We demand an end to the war on Black people.

In all fifty states, and in countries around the world, millions of people are rising up to collectively express their grief and anger in response to state-sanctioned violence against Black bodies.  We know that the murders of George Floyd, Breonna Taylor, Tony McDade, and Ahmaud Arbery, are but the most recent in a long list of many, many Black people who have been murdered. We demand an end to the war on Black people. 

We are inspired by and grateful to our community that is showing up in Defense of Black Lives—by taking to the streets, donating to bail funds, opening up their homes, making art, making care packages and first aid kits, dancing, singing and chanting, and speaking truth about the violence of a white supremacist police state in our country and beyond. But we know violence against Black lives is not new, and we know the war on Black people takes many forms. 

We’re currently witnessing how the novel coronavirus is disproportionately impacting Black people, who suffer higher incidence of illness and death from COVID-19. As a legacy of food apartheid, generational trauma, and chronic stress, Black folks are more likely to suffer from diet-related illnesses like diabetes and heart disease, comorbidities most often linked to COVID-19 fatalities. They are also more likely to be part of the ‘essential’ workforce of public transit, retail, and service sector employees who are forced to choose between risking their lives or their livelihood, and who are more likely to live in neighborhoods with polluted air and water. Furthermore, Black people are most likely to be denied access to health care, whether due to a lack of neighborhood facilities, or because of discrimination when attempting to access care.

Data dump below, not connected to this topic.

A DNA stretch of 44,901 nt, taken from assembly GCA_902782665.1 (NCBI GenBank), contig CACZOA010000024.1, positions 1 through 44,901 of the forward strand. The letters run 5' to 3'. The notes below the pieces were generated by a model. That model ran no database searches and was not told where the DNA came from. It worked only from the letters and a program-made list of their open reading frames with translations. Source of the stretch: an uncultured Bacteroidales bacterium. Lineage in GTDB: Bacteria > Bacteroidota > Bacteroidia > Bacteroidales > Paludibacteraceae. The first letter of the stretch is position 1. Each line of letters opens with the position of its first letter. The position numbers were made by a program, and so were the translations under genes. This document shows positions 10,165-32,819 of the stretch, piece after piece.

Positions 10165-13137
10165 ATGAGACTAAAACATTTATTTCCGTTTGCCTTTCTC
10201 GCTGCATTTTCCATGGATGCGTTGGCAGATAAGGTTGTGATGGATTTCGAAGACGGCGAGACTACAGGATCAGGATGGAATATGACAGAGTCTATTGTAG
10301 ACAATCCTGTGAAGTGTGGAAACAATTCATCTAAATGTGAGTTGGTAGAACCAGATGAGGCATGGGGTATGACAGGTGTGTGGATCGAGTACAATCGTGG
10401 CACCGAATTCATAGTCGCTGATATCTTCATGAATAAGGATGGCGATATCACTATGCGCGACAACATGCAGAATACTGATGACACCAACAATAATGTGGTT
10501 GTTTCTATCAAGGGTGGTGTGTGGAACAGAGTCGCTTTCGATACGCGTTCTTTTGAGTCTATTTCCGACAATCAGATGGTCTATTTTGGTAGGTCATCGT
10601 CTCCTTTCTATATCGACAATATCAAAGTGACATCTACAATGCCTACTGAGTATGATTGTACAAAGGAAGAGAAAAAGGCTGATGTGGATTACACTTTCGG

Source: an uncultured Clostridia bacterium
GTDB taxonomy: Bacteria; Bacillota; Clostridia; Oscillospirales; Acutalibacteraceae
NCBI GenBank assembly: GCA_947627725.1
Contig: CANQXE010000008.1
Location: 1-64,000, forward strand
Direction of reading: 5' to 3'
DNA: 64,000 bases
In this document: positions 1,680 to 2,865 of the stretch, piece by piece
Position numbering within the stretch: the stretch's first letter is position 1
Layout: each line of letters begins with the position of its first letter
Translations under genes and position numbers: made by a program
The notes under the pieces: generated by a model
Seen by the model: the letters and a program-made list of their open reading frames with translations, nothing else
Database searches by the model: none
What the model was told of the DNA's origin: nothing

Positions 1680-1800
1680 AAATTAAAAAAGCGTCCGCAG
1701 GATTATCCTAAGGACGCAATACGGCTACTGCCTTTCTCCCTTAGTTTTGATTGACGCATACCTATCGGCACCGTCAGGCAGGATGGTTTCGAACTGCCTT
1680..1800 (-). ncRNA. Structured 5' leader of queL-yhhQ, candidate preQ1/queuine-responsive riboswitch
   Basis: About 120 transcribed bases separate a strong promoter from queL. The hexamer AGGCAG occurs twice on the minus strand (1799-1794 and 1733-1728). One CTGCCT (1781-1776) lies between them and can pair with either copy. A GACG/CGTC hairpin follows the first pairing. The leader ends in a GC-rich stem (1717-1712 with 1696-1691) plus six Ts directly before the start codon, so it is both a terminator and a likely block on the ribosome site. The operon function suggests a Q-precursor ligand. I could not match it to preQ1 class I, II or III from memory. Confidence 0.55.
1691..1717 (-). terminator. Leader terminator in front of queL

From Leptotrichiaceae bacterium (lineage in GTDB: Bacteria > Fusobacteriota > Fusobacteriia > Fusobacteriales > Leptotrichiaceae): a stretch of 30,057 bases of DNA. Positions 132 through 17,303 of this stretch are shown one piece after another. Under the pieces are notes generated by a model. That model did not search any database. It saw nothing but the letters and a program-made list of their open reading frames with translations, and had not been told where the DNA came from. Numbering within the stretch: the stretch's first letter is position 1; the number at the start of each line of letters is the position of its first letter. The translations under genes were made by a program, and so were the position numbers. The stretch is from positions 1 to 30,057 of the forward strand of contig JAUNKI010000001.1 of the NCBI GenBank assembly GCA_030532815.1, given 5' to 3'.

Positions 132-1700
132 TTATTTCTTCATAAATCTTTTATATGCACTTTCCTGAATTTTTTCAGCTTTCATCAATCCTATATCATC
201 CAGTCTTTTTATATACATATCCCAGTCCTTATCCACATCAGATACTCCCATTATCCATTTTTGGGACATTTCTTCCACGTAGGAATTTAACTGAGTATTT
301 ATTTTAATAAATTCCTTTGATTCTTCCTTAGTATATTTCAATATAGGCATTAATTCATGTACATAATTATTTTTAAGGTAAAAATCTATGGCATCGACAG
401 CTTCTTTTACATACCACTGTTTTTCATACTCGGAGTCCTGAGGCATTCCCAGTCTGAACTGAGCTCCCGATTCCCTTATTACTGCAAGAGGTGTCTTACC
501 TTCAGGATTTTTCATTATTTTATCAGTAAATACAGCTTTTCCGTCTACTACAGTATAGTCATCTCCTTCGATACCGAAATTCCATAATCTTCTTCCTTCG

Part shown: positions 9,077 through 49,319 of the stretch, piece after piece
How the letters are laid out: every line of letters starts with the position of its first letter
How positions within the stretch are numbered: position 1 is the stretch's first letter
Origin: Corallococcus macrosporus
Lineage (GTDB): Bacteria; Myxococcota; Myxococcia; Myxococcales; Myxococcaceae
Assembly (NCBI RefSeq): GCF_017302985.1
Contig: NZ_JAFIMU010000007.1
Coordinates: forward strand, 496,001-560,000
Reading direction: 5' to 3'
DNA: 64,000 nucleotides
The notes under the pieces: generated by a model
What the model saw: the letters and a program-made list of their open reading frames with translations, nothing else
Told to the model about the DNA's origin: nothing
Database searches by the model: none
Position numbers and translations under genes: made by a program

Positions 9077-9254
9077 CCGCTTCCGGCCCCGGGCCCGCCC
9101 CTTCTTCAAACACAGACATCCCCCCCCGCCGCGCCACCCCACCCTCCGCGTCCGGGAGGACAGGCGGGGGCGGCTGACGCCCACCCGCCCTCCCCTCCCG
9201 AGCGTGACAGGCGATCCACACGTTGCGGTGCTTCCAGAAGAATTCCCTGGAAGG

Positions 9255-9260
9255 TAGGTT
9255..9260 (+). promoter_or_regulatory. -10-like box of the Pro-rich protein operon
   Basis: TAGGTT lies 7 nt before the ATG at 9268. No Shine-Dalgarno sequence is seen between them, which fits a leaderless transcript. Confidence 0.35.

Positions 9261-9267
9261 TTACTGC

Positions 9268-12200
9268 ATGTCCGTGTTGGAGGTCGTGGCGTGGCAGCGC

As an organization that works in food and agriculture, we have witnessed the violence of food apartheid that is caused by redlining and divestment from majority-Black neighborhoods; in the prison industrial complex that puts a majority-Black prison labor force to work on penal farms for little to no wages; and in the lack of labor rights when it comes to occupations historically performed by enslaved people, still largely done by communities of color. We see violence in the systemic racism of government institutions, in Black farmers’ lack of access to land, and in the overwhelming loss of land experienced by Black farmers in the South.

HEAL was founded with the knowledge that to truly transform our food and agriculture system, we must confront the reality that this country’s food system was built on land stolen from indigenous people, and on the abduction, forced migration and enslavement of African people. The truth is that the systems that treat Black lives as disposable today are not new—they are rooted in slavery, a system that stole the lives and labor of Black people to maintain the comfort and privilege of the ruling class, and grow colonial wealth. That’s the same system that continues to treat food workers as disposable.  

This system’s dominant structure devalues care while promoting command and control top-down order in service of the wealthy class. As calls to defund police amplify around the US, we’re seeing a renewed focus on community care and investment in vital community needs.  HEAL and member organizations have been working on this  for years. How do we care for the health of our communities through the food they eat, the physical environments they live in, and the conditions they work in? What other structures do we need to abolish for us to truly practice community care? 

We know that the work of dismantling white supremacy must continue and we are committed to this work until it’s done. Life is sacred, and at HEAL we hold this at our core: that the systems that put profit and property and power over life – human or otherwise –  must be dismantled.